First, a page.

Recording is done by digital video recorders as opposed to videocassette recorders, and is the latest and fastest way for casinos to review incidents when necessary, as well as save appropriate information efficiently.
McPhee stressed that collaboration between all parties is the only way to successfully complete a job of this magnitude. Typically, a casino electrical job includes casino owners, architects, general contractors and sometimes several layers of electrical contractors. With the specifications always in flux, there needs to be constant communication and a sense of urgency when a new parameter emerges.
While the Seneca Niagara Falls job was unique in some ways, it went without any major problems, said James Lynes, electrical project manager at McPhee. The most memorable part of the job for Lynes was the speed with which it needed to be completed. But all worked well and the casino owners intend to build a hotel to accompany the casino—McPhee may be along for that part of the project as well.
Miles of cable
McPhee Electric was involved with two separate sections of the project. From September to December 2002, they wired the 100,000-square-foot casino that was a renovation of an existing convention center. After that, they added 16,000 square feet of the nonsmoking casino that was completed in May 2003. In all, they laid 100,000 feet of cable.
The surveillance system features fixed cameras and operable units. They are located over gaming tables, slot machines and point-of-sale areas where money is being exchanged. Fixed cameras focus on the dealers, while the players may be more likely to have zoom cameras aimed at them.
At the redemption booths, McPhee technicians installed cameras, door alarms and panic buttons. McPhee’s electricians also installed the wiring under the floor to travel to a surveillance center. There are four intermediate rooms in the north, south, east and west sections of the building. All are connected with Category 5E cabling. Those rooms (or “closets”) then connect to the main security surveillance room where dozens of monitors are viewed 24/7 by security personnel.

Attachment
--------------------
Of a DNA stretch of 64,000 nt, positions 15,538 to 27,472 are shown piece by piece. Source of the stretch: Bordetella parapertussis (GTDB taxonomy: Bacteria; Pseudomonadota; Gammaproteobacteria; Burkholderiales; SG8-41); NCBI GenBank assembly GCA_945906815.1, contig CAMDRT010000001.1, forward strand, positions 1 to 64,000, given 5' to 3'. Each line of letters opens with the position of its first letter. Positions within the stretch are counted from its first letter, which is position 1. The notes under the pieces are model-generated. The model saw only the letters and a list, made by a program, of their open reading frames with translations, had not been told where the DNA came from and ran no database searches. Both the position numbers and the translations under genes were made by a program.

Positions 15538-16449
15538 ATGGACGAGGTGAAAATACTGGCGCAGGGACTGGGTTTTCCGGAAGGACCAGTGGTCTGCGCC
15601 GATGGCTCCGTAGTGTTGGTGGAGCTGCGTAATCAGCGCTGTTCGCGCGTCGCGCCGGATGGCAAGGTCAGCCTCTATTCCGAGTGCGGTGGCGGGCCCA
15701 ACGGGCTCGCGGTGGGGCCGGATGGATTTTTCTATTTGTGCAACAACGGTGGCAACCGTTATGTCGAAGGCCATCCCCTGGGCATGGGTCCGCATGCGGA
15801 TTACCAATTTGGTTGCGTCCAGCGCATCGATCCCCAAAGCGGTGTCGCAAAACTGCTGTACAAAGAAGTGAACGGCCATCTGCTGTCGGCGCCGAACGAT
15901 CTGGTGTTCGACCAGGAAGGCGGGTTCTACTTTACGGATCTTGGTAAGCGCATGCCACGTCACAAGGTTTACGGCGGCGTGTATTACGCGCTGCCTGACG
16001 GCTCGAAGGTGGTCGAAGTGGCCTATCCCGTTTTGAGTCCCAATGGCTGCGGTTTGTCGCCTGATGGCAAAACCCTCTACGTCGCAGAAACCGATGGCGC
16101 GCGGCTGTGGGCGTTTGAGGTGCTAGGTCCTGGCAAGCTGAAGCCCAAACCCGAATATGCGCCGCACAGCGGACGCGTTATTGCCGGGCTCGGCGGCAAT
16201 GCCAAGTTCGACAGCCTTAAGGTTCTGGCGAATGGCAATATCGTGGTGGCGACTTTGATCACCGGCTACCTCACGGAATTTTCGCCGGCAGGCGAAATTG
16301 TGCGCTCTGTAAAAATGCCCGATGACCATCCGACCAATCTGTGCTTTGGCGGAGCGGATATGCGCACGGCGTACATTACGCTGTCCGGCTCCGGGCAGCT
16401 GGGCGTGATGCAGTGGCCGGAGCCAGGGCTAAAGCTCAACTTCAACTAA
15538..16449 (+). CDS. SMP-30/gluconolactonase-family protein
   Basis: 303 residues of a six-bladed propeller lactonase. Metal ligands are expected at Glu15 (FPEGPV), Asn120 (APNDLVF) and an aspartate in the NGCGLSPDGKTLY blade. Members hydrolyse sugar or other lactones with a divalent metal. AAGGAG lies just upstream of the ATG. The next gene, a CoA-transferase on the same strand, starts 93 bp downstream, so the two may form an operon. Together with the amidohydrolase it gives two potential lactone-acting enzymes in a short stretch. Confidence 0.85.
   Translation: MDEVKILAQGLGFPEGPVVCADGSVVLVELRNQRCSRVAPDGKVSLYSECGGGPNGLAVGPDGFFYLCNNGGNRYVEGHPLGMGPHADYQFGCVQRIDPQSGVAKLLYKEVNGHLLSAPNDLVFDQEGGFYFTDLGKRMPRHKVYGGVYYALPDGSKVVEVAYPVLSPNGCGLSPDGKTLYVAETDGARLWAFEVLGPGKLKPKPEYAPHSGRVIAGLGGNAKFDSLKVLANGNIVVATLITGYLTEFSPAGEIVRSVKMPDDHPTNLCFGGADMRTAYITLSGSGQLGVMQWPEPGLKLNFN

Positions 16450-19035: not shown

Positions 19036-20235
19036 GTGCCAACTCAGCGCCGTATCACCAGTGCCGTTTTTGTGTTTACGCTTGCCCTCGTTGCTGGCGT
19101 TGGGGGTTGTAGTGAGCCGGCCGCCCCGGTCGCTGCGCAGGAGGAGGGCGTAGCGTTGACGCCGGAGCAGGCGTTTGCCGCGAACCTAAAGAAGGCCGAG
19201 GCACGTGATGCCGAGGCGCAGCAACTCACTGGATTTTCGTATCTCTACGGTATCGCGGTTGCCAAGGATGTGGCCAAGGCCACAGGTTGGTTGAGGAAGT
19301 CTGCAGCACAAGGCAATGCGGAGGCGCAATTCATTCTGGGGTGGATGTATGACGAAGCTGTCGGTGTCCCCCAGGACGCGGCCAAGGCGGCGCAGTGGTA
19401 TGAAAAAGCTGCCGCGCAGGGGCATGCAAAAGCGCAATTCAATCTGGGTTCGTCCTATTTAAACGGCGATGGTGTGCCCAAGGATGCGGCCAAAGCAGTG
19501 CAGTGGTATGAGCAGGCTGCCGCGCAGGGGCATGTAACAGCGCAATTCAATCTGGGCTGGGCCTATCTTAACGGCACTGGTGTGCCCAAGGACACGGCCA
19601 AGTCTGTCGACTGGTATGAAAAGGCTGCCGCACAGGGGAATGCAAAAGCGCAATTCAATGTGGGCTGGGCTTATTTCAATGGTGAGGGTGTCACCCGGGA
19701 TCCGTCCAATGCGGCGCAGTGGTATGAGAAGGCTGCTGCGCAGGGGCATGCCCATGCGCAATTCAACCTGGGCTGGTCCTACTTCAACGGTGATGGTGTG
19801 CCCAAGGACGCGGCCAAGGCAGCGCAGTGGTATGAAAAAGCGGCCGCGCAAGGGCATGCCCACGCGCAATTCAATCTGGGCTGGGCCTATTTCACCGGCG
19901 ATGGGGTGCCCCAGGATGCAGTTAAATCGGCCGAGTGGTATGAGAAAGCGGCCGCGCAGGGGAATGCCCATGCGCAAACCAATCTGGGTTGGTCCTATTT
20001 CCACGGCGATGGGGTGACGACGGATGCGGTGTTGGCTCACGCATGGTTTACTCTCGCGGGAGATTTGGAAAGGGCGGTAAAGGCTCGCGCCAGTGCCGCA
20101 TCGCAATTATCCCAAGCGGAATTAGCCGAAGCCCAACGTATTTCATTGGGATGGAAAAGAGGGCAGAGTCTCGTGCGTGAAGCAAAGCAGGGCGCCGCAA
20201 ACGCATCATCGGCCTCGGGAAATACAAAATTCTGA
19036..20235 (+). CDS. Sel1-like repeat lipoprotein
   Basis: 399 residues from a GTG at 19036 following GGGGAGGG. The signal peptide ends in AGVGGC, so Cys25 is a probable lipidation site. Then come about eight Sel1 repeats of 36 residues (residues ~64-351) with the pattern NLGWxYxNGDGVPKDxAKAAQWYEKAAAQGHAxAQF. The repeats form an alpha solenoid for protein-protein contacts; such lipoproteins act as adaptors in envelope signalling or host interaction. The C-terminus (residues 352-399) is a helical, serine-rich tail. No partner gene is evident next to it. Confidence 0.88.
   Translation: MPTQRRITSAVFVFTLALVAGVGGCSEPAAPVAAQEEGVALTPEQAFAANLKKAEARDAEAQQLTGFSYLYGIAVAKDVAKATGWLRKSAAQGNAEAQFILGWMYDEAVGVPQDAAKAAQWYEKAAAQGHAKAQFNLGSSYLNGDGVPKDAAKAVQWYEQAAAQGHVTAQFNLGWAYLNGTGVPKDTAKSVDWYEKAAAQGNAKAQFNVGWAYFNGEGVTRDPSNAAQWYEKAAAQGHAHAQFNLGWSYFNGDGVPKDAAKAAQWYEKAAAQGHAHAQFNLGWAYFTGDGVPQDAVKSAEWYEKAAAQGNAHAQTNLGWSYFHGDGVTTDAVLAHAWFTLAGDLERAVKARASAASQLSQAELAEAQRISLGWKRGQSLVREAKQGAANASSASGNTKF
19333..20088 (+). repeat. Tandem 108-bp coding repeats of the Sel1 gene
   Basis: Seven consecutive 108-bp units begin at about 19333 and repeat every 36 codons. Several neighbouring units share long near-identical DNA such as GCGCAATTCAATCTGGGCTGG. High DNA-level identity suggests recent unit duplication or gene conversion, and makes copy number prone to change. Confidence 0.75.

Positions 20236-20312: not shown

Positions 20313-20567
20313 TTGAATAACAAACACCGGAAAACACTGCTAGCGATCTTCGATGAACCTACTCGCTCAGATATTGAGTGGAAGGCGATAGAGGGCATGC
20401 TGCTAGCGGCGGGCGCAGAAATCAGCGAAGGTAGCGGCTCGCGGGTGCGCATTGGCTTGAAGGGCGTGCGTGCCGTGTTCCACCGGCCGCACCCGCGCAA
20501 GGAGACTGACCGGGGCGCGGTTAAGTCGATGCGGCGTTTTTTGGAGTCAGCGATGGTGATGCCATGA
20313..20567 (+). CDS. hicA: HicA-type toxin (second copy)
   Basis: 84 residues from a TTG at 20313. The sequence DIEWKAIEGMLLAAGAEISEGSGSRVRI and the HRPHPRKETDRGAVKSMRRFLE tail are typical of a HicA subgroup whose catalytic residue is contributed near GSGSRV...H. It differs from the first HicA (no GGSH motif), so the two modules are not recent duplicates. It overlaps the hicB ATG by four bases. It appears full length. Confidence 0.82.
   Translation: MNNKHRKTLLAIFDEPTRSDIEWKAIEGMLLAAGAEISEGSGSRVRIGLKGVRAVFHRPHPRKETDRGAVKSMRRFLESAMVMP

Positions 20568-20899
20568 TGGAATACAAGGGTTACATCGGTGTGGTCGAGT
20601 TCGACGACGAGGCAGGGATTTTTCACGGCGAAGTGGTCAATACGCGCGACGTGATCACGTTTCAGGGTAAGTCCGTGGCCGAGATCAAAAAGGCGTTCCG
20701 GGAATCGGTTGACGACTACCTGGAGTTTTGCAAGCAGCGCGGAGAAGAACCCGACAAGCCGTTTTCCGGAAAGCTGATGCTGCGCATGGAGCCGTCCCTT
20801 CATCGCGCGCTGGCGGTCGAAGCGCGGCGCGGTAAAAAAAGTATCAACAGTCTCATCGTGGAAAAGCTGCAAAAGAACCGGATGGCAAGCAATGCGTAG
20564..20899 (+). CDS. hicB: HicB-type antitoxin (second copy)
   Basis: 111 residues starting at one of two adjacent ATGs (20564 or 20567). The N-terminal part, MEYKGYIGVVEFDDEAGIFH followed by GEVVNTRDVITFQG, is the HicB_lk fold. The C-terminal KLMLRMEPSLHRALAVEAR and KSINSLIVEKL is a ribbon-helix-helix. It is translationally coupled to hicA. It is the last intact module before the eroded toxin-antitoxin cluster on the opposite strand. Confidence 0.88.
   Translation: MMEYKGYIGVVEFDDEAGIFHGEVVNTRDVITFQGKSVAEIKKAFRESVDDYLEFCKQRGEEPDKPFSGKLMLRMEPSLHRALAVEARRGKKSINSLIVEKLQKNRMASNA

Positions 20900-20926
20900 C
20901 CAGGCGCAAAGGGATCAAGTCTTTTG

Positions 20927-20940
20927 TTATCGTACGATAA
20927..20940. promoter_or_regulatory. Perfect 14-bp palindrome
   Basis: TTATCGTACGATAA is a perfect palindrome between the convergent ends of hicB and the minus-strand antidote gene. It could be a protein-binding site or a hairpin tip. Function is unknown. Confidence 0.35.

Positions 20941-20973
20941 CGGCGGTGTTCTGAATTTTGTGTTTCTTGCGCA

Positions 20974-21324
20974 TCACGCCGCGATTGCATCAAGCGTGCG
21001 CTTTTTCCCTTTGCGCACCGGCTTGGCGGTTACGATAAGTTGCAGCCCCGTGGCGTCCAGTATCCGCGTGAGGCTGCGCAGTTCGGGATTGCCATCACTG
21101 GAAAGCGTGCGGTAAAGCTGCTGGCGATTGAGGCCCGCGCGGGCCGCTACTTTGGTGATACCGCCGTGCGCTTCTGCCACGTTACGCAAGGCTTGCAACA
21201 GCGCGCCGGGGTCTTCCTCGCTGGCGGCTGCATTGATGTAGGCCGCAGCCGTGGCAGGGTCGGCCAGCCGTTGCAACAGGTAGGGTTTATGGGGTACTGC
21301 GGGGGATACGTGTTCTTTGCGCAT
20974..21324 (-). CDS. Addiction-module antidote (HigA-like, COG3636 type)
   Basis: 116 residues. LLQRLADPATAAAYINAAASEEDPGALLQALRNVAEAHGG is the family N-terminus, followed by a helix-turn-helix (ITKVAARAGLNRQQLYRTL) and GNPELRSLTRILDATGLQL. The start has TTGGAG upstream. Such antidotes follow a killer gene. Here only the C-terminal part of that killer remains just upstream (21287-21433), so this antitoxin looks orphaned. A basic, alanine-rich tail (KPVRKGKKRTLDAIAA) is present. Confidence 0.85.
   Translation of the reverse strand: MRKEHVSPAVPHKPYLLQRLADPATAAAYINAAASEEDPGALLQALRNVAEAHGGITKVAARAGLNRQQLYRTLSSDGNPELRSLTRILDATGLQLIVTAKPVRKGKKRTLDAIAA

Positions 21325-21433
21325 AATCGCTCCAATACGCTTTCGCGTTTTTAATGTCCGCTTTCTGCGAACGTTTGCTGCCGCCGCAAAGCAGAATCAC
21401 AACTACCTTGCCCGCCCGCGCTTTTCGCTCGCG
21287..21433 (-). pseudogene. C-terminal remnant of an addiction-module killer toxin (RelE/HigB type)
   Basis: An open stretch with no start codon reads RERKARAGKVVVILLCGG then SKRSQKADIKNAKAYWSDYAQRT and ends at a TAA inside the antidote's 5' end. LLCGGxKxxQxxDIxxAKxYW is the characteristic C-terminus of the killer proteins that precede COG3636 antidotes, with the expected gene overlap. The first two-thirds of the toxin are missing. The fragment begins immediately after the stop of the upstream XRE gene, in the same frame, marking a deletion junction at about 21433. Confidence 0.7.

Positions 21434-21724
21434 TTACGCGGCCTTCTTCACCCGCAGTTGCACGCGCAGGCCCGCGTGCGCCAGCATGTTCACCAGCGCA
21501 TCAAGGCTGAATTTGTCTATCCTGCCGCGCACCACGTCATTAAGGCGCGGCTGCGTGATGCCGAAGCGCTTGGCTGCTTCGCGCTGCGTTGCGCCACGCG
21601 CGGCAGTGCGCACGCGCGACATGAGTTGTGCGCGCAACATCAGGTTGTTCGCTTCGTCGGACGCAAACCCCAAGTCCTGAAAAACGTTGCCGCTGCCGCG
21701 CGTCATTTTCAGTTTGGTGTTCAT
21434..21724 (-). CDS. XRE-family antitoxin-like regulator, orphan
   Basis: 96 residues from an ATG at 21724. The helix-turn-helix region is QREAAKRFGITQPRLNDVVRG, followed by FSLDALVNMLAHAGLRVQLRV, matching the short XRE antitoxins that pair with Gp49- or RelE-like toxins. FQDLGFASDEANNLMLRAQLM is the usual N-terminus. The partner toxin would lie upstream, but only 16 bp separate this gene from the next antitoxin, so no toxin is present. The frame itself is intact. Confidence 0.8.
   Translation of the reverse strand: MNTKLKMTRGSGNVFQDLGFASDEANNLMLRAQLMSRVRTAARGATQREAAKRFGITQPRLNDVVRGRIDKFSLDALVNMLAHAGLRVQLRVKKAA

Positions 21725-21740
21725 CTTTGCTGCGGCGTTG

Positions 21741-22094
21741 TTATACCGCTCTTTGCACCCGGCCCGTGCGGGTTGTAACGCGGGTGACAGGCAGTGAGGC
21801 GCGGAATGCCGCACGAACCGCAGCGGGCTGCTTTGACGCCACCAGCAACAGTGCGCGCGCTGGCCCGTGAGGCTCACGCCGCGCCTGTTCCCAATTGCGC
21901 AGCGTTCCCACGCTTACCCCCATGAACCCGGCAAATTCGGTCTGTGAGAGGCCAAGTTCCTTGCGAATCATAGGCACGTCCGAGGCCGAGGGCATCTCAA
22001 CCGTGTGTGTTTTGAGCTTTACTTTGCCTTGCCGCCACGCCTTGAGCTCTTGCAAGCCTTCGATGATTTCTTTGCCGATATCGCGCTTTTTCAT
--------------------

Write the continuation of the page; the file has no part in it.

McPhee Electric worked with construction manager C.R. Klewin Building Co. of Niagara Falls, N.Y., and M. Malia and Associates of Northfield, N.J., who were the security designers. Additional manpower and supervision was provided by subcontractor Ferguson Electric of Niagara Falls, N.Y.
Lynes said the greatest challenges came from working around the constant design changes that took place during the fast-paced construction schedule. Offices and dining facilities were added during the construction process, so McPhee Electric also had to quickly switch gears to accommodate the new specifications.
While the project was scheduled to take 12 weeks, McPhee Electric completed the work in the six to eight weeks left after design changes and delays. The main casino took about 100 days and the nonsmoking casino another 45 days. Much of the work involved using trellises that extended to the ceiling that in some parts reached 90 feet. While none of the cameras were installed 90 feet high, the coverage of the cameras is still complete throughout the casino.
Lynes said at peak, there were 120 electricians working on the main casino with 30 to 40 tradesmen working overhead at one time. In addition, there were about 18 men working on the nonsmoking casino.
With all the right tools and with expertise that comes from years experience, McPhee Electric has placed itself at the forefront of providing gaming security—and come out a winner.
SWEDBERG is a freelance writer based in western Washington. She can be reached at firstname.lastname@example.org.